While the Trump administration is making moves, like replacing the Obama administration’s Clean Power Plan rule that was created to regulate carbon pollution from power plants, Trump’s promise to save the coal industry has yet to be a priority leaving many miner workers feeling worried about their future.
Coal miners across the country will be visiting Washington D.C. this week to demand Congress protect their pension plans no matter what happens to the coal industry. Since last October, six coal companies have declared bankruptcy and two more companies are soon to go under as well.
With hopes that Congress will pass the Miners Pension Protection Act, which will transfer federal funds into the troubled United Mine Workers of America (UMWA) 1974 Pension Plan, miner workers are fighting hard. This will just be a step in the right direction, but will overall be a long and hard battle as thousands of retirees across the country may lose healthcare and security in various pension and retirement plans as the industry continues to suffer. The coal miner’s union says Congress has three years to take the proper action before the issue becomes insolvent.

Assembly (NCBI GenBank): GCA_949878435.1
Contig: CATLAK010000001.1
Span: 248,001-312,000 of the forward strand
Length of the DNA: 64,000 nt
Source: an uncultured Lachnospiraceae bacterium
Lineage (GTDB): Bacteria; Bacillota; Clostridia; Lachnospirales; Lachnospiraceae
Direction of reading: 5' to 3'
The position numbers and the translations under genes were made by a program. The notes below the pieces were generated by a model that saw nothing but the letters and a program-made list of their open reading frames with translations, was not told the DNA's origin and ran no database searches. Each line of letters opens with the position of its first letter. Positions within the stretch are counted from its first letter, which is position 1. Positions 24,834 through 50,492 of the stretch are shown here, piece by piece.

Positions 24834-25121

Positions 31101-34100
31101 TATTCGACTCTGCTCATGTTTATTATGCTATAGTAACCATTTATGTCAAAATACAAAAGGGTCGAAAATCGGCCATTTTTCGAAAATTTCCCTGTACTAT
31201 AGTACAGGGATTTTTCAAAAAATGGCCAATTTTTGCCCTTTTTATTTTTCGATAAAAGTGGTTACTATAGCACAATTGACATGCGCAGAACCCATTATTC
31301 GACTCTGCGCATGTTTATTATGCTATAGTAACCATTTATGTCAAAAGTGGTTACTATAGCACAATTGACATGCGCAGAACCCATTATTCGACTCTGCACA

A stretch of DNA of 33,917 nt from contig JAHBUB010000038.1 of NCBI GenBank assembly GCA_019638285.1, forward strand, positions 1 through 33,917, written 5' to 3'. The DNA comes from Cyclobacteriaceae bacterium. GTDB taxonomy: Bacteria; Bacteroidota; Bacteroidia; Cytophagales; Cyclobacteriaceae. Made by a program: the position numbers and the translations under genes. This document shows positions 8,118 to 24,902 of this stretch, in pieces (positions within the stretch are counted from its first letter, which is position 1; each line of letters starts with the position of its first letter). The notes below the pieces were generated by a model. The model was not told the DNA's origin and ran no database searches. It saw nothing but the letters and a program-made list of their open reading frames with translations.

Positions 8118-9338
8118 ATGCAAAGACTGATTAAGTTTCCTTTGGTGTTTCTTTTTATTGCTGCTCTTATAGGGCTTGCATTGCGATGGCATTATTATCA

The current pension plan dates back to 1946 and guarantees miners will be taken care of for working a dangerous job that is associated with a lot of health issues upon later years in life.
While Congress holds some responsibility to ensure these workers get what they deserve for their futures, the responsibility can also be placed on union officials and employer representatives who mismanaged the funding.
In the 2008 recession, the fund lost $2 billion and has been acquiring several additional blows throughout the years increasing the worry from those newly retired or soon to retire.
If this issue is not figured out, by 2022 nearly 100,000 miners will lose their pensions and health care benefits.
“Coal miners, both underground and surface miners, are the hardest working people in America, and their safety and working conditions are the most dangerous in this country, with black lung, silicosis, and other breathing disorders, and from a safety standpoint, falling roofs, rocks, slips, falls, equipment mishaps, and working around beltlines, pulleys and other pinch points. We, the miners, kept our end of the deal and Westmoreland needs to keep their promise, too!” says retired miner Jim Villos.
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